Do you really want to start to grow your own organic vegetables, but really have no idea where to begin? Want the satisfaction of eating something that you grew, but know that you don’t have the patience to compost for months on end? That’s exactly how I felt and why I set out to learn how to start an organic garden on my own, without a lot of hassle or long hours in the compost bin.
Why Organic Gardening?
If you plant your own garden using organic seeds and seedlings in organic soil, you know what you are getting. You know that whatever food you get out of it will be clean and free of pesticides. Pesticides that farmers spay on their crops have been linked to hormone disruption, brain and nervous system toxicity, skin, eye and lung irritation, and even cancer. The amount that you can lessen your exposure to toxic pesticides, the better in my opinion. It can also be a tremendous cost savings while also helping you eat better. (Check out my post: 5 Easy Ways to Eat Healthy on the Cheap for more information.)
How to Start an Organic Garden
Location, Location, Location
First things first, you have to figure out where you are going to put your garden. Throughout the day, check your yard, or area where you will have pots, for an area that gets at least 4-6 hours of direct sunlight each day of your growing season. The longer the sun exposure the better, 8 hours or more would be ideal.
Get Your Soil Right
To get thriving plants, you need to start with a good base, your soil. The soil needs to have the correct level of nutrients to feed your plants properly. The only exact way to know what is in your soil is to have it tested. You can usually have your soil tested at your local agricultural extension office for a small fee. Once you get your results back, you can then amend your soil with the nutrients it is lacking or has too much of. Composting is usually the best way to amend your soil completely organically. This can be tricky and time consuming, but it you want to give it a whirl, check out the Better Homes and Gardens article here. http://www.bhg.com/gardening/yard/compost/how-to-compost/
I, however, don’t have the patience or the yard space for that, so I am going to “cheat” and buy my organic soil and compost and add that to a raised garden bed and a few pots on my patio.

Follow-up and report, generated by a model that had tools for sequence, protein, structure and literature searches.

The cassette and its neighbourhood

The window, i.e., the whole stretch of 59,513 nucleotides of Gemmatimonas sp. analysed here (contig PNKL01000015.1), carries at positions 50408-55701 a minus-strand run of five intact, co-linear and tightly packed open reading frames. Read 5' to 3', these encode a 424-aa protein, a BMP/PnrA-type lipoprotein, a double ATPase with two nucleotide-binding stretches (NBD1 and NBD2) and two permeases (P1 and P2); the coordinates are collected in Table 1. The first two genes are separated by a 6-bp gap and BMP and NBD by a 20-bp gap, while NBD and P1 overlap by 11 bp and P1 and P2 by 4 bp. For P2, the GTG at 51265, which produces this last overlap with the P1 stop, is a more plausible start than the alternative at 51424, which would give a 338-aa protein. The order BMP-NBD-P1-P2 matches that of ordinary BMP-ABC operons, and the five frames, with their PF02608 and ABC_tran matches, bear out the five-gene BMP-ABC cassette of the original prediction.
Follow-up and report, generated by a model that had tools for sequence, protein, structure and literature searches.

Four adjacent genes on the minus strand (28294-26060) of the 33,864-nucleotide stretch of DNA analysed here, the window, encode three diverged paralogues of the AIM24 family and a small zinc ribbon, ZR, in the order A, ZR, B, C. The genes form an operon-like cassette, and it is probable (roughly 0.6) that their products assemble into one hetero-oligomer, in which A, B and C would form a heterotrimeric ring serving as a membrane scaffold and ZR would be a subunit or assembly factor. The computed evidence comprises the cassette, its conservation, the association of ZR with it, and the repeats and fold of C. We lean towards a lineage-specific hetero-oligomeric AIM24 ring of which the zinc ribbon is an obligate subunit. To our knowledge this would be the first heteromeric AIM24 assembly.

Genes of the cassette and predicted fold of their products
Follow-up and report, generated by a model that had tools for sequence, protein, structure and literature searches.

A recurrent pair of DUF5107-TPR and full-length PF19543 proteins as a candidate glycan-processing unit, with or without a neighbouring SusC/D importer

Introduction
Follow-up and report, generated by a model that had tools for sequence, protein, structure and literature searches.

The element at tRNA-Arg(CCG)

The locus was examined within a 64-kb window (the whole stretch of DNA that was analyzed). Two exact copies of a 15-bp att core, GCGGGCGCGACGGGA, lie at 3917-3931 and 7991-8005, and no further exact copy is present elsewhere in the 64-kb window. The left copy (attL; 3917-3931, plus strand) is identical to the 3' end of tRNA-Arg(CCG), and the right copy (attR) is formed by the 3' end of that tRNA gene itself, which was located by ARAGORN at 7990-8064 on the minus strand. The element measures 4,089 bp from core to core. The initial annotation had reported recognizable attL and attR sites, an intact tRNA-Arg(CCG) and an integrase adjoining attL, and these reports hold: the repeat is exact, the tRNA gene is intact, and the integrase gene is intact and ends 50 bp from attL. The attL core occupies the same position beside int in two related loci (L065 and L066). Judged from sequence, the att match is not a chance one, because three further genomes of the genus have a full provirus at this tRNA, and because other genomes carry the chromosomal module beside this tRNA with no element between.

Speaking of a raised garden bed, you are going to need an actual place to put your vegetables that you won’t trample on them and where yard animals won’t devour your entire crop. Raised garden beds are the new normal and are incredibly easy to build or buy. If you are building your own, remember to use untreated lumber. You don’t want the chemicals in the treated wood to leach into your newly perfect soil and subsequently into your vegetables.
Plants and Seeds
Ok, now it’s time to get down to business and actually get some things to grow. You will first want to check your hardiness zone at the USDA’s website to know which plants thrive in your area. You can start-off with organic seeds. You can find them very easily online or in most garden stores. Tomatoes, cucumbers, zucchini and beans are easy ones to start with. Check the package to see how early start them indoors if you want to get a head start, or when they can be planted outside. Follow the watering and spacing instructions and you should be all set. If you are like me and you want a little bit more fool-proof method, you can start with seedlings, or plants that have already been started. I get organic seedlings from my local natural and organic grocery store. They have an agreement with a local organic farm that brings them right to the store for easy shopping. You can also check your area for organic farmers willing to sell you seedlings if your local stores don’t carry them.
Hopefully, you now have the start of a great organic garden, but you will also want to consider protection. You will want to do your best to avoid having an infestation of pests in your garden that will destroy your crops. If your vegetables and soil are healthy, you most likely won’t have a problem. If you do start to notice pests, look into horticultural oils or insecticidal soaps or garlic or hot pepper sprays that you can make yourself. Depending on your specific pest problem, you can usually find a natural remedy recipie online.
Along with pests, you will also have to watch out for larger animals in your yard like rabbits and birds who want to eat your crop or seedlings before you get the chance. Look for bird netting and/or crop covers to protect your garden 24/7 in a natural and humane way.
Once your garden is in a rolling, you will want to make sure you maintain its appearance and ability to grow properly. Pick any growing weeds you see and use a layer of mulch or straw in-between plants to prevent new ones from growing. You can also consider organic fertilizers to help keep your crop growing to its full potential. Above all else, don’t forget to water, water, water. Be cognizant of the amount of rain you are getting and how wet the soil is. If your soil is too dry, your vegetables won’t grow and if your soil is too wet, you could drown them out and kill them as well. Use common sense here and you should be ok.
Learning how to start an organic garden is not necessarily hard, it just takes a little bit longer to research healthy and organic alternatives to the traditionally pesticide overload practices of most gardens and farming in general. These few organic gardening tips should be enough to get you growing and start eating healthier in no time. Let me know any of your organic gardening tips below in the comments!
Disclaimer: Please note that some of the links in this post are affiliate links and I will earn a commission if you purchase through those links. I recommend these products because they are products that I personally use or companies that I have found trustworthy.